CHAPTER VII CIRCUS-HAND
"Y TfUGH, I want to speak to you."
XJL Hugh scrambled up from the floor of the caravan obediently. He faced Mrs. Dan, who sat on the leather seat beneath the window. Her face, that yesterday had been so merry, was grave now.
"First of all—this is yours."
She handed him his father's letter, which she had found where he had dropped it in the cottage. No fine scruples had prevented Mrs. Dan from reading it, and it had not changed her opinion of John Russell. She would have welcomed with enthusiasm the chance of giving him a piece of her mind.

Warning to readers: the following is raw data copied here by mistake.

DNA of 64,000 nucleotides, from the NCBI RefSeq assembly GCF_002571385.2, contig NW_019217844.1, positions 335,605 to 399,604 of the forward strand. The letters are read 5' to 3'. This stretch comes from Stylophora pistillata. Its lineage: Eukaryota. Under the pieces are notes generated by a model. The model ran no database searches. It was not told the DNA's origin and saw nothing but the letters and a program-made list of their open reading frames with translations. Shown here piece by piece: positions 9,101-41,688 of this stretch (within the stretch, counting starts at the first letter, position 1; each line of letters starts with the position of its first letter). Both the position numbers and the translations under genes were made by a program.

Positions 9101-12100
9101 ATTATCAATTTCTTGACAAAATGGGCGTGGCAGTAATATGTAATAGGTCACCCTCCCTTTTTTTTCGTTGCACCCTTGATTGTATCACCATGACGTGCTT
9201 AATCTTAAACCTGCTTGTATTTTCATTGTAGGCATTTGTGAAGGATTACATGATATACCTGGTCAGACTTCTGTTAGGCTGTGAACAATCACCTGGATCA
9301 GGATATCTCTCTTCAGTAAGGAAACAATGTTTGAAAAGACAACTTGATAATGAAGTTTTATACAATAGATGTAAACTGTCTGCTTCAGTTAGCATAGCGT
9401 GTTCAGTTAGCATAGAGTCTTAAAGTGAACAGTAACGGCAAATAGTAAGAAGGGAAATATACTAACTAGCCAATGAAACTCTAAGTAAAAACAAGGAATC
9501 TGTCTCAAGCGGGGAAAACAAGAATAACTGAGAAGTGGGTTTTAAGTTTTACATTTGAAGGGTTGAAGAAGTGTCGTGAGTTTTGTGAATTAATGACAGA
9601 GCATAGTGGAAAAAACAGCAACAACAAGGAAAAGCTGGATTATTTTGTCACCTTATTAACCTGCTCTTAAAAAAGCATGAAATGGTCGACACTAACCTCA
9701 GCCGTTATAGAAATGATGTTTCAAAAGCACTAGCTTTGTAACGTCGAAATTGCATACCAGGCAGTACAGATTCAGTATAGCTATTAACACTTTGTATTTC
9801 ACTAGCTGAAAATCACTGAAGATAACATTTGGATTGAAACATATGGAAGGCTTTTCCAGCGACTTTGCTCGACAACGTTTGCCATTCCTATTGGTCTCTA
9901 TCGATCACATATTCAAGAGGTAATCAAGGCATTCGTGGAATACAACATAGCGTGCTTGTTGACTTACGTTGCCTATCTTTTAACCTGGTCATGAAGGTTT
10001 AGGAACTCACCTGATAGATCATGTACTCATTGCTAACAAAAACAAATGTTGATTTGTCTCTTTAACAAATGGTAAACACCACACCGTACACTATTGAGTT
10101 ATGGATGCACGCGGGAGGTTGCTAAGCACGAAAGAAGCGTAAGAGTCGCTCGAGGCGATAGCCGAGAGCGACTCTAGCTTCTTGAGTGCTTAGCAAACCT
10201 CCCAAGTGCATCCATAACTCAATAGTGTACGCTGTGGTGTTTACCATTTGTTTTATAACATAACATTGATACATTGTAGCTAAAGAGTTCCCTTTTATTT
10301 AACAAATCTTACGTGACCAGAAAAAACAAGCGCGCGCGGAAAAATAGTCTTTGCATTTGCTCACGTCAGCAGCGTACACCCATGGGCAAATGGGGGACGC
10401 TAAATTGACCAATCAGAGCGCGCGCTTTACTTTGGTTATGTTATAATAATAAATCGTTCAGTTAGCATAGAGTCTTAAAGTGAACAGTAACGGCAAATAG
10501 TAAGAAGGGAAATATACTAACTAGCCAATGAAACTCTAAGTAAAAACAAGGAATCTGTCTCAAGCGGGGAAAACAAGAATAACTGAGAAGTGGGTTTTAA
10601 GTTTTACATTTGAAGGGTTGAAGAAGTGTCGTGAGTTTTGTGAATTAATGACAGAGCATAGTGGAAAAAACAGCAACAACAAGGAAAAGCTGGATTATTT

Mrs. Dan was sorry for Hugh, but her main emotion was that the whole thing was an uncommon nuisance. It had landed her Dan in "a proper temper," to begin with: to restore him to normal serenity would require all her tact. Then, she was by no means satisfied with the means Nita had adopted to conquer him, even though she had wanted him conquered. The adjective